Tax watchdog calls for improvements to ATO’s audit processes
Friday, October 5, 2012/
The tax watchdog wants the Tax Office to improve its audit processes, after the ATO wrongly investigated almost 6,000 small business owners as part of a crackdown on the cash economy.
The Inspector General of Taxation, Ali Noroozi, conducted a review of the ATO’s use of benchmarking to target the cash economy.
The review found the tax office made adjustments in only 24% of the 7,600 benchmark audit cases it considered, which means almost 6,000 businesses were wrongly accused.
In light of the findings, Noroozi believes there is “room for improvement” on the ATO’s part in order to avoid unnecessary stress and extra compliance costs for small businesses.
“The compliance burden on small business is greater because small businesses have a lot to do without an enormous number of staff,” Noroozi told SmartCompany.
“So their main concern is to run their business and they are worried about time away from business.”
Noroozi has recommended to the ATO that it improve its risk identification and audit processes to exclude more compliant taxpayers earlier in the process.
Noroozi said he has told the ATO if compliant taxpayers are caught up in investigations, it needs to ensure they are dropped out of the system as quickly as possible to minimise the impact.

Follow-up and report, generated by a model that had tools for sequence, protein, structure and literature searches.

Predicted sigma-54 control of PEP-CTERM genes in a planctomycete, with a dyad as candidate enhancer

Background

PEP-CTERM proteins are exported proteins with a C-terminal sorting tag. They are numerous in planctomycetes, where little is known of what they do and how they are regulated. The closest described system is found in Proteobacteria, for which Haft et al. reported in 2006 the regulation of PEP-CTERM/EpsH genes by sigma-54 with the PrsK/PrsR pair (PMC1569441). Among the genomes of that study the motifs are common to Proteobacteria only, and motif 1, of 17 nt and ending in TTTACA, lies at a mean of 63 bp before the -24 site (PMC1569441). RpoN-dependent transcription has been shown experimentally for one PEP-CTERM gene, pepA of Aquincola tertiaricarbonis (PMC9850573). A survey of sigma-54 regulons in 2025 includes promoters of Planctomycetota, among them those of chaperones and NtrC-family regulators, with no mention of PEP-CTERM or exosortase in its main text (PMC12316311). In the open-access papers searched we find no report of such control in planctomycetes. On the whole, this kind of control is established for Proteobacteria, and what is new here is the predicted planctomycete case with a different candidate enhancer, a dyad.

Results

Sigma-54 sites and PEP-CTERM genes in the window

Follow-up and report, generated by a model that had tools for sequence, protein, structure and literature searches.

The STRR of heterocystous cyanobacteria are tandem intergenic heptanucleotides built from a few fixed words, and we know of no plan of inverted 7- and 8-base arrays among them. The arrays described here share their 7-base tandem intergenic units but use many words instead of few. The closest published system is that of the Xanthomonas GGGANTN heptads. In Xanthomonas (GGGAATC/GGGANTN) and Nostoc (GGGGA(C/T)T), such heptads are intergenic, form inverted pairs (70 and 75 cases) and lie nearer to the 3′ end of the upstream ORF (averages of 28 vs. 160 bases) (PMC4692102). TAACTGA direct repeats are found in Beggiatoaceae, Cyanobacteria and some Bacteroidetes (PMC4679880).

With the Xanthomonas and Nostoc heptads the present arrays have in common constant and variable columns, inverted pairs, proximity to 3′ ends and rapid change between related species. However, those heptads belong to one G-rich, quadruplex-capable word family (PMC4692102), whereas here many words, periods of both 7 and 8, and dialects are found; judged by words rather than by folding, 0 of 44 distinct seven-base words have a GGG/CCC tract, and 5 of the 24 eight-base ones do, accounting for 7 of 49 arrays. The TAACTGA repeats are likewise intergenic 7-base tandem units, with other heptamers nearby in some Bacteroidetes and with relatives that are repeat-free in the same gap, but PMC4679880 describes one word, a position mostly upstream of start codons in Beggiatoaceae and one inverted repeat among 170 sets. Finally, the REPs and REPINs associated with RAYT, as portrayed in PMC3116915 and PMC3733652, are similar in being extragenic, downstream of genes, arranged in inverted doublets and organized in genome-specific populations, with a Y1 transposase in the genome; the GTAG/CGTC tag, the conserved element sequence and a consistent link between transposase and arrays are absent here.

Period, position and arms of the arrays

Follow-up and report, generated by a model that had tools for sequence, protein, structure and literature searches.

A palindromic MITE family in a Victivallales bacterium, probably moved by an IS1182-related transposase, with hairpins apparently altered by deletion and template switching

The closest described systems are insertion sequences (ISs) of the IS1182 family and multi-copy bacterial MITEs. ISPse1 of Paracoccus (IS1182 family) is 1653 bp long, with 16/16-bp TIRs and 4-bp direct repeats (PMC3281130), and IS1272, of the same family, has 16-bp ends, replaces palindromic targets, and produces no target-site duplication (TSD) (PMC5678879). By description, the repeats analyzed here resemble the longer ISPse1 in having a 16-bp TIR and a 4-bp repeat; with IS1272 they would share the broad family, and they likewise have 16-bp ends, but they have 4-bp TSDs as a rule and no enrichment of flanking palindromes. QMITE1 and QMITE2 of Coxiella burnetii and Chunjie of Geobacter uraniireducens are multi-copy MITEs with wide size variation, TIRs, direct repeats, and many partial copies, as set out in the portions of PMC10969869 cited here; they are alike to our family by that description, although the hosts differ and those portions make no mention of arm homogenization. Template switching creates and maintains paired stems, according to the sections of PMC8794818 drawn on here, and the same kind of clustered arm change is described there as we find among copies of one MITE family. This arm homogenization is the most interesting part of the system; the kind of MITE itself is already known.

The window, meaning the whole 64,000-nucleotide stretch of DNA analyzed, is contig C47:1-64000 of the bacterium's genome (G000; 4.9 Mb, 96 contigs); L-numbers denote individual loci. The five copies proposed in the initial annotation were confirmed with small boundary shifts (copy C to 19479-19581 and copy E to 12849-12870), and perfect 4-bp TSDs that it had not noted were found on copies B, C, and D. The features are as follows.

The ATO has agreed with nine of the 11 recommendations made in the Inspector General’s review and has partially agreed to two.
This includes a recommendation to get an expert independent party to assess the benchmarking methodology and ensure it is comparing small businesses that are “sufficiently similar”.
The ATO estimates about 1.4 million small businesses operate in the cash economy. The benchmarks cover 900,000 of them, broken down into more than 100 industries.
Meanwhile, the Institute of Public Accountants has welcomed the release of the report, with chief executive Andrew Conway saying it is “pleased with the results”.
“Results of the review have vindicated the concerns expressed to us by small business practitioners,” Conway says.
“Considering that 76% of small businesses selected for an audit were found to be compliant, the concerns raised have been justified.”
“Prior to the review, too many small businesses were subjected to additional compliance costs, significant stress and time lost from running their business.”
“The heavy-handed approach had meant some small businesses were subject to default assessments prematurely.”
“We are confident that the IGT review of this matter will go a long way to alleviating such pressures from small business and help to reduce the regulatory burden and associated costs.”